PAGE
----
Grandy told members of the county’s Budget Committee he has vetoed a resolution that was passed by the County Commission last month to do the work. He asked the committee Wednesday to send commissioners a new resolution on July 22 authorizing grading, irrigation and dirt removal at the new school site for a track, as well as football, soccer, baseball and softball fields.
“I owe you an explanation,” Grandy said of his first veto.
The mayor said the previous resolution authorizing the work was being treated as a change order to the orignal construction contract for the Boones Creek school. Officials believe doing the work for the athletic fields while the contractors still had equipment on the site could save the county money.
Grandy said purchasing officials discovered there was no provision in the contract with BurWil Construction that would allow for such a change order. He also noted the $800,000 allocated for the project, which includes money for design and architect fees, exceeds the amount allowed by state law for projects to be approved without seeking bids.
He said the project would now be put out for bids and returned to the commission for final approval.
Commission Chairman Greg Matherly said he agreed with Grandy’s decision to veto the commission’s earlier action and “start over, rather than piecemeal the language” of the original resolution. That measure was approved by a 8-5 vote last month, with Commissioners Mike Ford, Steve Light, Kent Harris, Jerome Fitzgerald and Danny Edens questioning the cost to move dirt at the site.
In other business Wednesday, the committee approved a $196,000 request from the county’s Board of Education to replace a 25-year-old boiler unit at David Crockett High School contingent on that project also being advertised for bids. Grandy said purchasing officials have identified a possible problem with the project being negotiated by school officials and Energy Systems Group without competitive bids.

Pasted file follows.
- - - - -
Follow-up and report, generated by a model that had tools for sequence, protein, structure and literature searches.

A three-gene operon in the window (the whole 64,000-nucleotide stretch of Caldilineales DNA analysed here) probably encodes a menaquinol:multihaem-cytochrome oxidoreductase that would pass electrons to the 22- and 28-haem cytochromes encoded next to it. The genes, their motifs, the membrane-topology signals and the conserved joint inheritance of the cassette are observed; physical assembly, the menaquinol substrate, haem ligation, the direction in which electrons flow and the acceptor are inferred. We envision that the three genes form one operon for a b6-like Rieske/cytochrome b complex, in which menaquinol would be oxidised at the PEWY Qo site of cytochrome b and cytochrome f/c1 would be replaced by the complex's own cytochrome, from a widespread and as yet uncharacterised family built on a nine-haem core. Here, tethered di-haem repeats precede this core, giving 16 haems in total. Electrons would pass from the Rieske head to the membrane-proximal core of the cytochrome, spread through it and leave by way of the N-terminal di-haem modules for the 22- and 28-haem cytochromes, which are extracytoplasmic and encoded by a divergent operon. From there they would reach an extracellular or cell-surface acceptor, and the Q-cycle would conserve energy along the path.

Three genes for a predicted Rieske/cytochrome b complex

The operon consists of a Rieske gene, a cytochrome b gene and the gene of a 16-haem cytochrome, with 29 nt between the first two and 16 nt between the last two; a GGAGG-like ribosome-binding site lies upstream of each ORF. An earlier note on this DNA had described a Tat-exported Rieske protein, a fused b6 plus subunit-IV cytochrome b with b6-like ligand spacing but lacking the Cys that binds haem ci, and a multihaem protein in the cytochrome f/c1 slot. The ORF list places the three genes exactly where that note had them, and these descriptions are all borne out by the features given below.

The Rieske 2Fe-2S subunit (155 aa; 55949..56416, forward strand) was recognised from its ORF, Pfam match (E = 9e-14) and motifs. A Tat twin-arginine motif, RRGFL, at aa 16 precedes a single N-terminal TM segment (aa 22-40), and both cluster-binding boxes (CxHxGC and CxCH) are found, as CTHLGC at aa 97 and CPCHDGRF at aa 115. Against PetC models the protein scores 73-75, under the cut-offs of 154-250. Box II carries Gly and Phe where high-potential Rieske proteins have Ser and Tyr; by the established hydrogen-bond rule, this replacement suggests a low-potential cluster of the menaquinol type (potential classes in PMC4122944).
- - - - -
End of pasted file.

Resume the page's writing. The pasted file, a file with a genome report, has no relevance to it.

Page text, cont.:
Grandy said it could put the county in an “awkward position” in terms of funding the project.
Committee members also heard more from the Washington County Election Commission about a proposal to move its offices in the historic Washington County Courthouse to a former hardware store at 220 N. 2nd Ave. in Jonesborough.
Mitch Meredith, the county’s director of administration and finance, said the 1.9-acre tract includes a 9,200-square-foot building that has generated a combined $10,172 in annual property taxes for Jonesborough and Washington County.
Election officials are asking for $975,000 to buy the building, which sits across U.S. Highway 11E from the George P. Jaynes Justice Center. Another $345,000 would be needed for renovations to the building that formerly housed Olde Towne Hardware.
Election Commissioner Jon Ruetz said he and his colleagues have been working with former Jonesborough Alderman David Sell and his family to purchase the property. He said the proposed renovations to the building call for “keeping as much open space as possible” for use as a meeting area for the community.
‘We’d like to move forward as quickly as possible,” he told the committee. “We’ve got a busy election season approaching.”
Commissioner Jim Wheeler said he was “excited about the project,” and believes having the new Election Commission location as a multi-purpose facility would be “a selling point to other commissioners.”